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Antonin Scalia’s death has already dramatically tilted the Supreme Court to the left.

Alex Wong/Getty Images

This was evident in the Court’s split vote today on Friedrichs v. California Teachers Association, a major case that, with Scalia on board, could have gutted the financial viability of public-employee unions. The immediate result of this deadlock is that such unions can continue collecting fees from non-members.

Friedrichs is ostensibly concerned with the free speech rights of public-sector workers who don’t want to pay mandatory union dues. The split vote is a blow to the California teachers who argued that their free speech rights were being violated by these so-called “agency fees.” But it’s a win for unions in general, as agency fees are crucial to their operations. As Elizabeth Bruenig explained in the New Republic, “[P]ublic sector unions work on behalf of everyone in their bargaining unit, not just union members,” which means allowing non-members to skip the fees “would collapse unions under the weight of so many free riders.”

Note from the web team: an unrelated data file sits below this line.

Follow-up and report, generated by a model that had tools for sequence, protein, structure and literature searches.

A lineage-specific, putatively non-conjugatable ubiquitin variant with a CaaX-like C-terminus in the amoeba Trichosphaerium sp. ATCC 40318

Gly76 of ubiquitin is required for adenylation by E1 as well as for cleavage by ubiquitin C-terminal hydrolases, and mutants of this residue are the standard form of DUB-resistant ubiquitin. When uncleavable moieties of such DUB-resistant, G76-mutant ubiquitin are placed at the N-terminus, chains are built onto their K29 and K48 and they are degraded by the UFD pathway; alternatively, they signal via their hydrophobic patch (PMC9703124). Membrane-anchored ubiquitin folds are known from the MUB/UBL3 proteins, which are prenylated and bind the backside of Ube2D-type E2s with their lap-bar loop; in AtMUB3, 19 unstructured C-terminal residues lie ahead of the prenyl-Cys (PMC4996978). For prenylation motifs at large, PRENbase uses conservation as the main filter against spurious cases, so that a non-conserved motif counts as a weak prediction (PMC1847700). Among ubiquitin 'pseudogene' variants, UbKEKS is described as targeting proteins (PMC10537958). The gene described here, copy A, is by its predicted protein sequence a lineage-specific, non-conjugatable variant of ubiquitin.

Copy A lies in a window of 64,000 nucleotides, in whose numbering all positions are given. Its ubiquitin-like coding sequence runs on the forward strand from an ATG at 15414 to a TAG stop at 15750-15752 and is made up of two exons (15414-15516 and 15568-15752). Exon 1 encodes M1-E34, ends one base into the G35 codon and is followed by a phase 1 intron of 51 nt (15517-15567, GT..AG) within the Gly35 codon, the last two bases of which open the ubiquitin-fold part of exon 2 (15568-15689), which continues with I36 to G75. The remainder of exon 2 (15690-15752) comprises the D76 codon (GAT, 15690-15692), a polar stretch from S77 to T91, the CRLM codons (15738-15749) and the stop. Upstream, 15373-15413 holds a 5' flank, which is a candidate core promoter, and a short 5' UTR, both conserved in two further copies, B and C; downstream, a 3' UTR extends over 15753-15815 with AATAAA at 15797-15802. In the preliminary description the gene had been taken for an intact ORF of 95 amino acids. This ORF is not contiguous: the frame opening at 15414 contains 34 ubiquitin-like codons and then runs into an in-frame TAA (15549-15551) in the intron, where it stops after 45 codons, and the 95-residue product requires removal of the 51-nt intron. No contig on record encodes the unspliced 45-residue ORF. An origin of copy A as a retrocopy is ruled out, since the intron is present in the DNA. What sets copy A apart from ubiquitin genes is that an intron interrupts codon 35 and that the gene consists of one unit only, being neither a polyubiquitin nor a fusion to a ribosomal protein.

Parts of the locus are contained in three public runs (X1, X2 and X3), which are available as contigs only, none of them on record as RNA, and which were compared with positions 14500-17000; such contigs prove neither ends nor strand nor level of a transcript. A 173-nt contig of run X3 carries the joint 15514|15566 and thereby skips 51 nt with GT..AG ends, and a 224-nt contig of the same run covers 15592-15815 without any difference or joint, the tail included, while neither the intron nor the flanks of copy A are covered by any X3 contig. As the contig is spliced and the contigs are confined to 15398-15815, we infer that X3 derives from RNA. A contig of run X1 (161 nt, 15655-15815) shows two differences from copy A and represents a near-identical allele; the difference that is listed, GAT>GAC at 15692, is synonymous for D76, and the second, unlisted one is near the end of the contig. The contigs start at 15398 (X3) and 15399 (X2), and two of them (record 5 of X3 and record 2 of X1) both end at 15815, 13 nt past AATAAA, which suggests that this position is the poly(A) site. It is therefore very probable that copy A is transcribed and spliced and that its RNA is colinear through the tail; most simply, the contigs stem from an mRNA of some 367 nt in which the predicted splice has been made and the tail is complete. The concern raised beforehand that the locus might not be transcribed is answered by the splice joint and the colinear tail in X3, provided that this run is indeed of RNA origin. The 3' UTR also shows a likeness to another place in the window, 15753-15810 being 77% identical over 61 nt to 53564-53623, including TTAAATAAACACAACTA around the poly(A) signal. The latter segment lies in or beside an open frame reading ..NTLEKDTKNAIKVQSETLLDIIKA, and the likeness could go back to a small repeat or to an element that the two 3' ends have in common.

At oral argument, conservatives on the Court seemed prepared to overturn the precedent at the center of Friedrichs. But with Justice Scalia gone, the eight-member Court has instead handed unions a much-needed reprieve.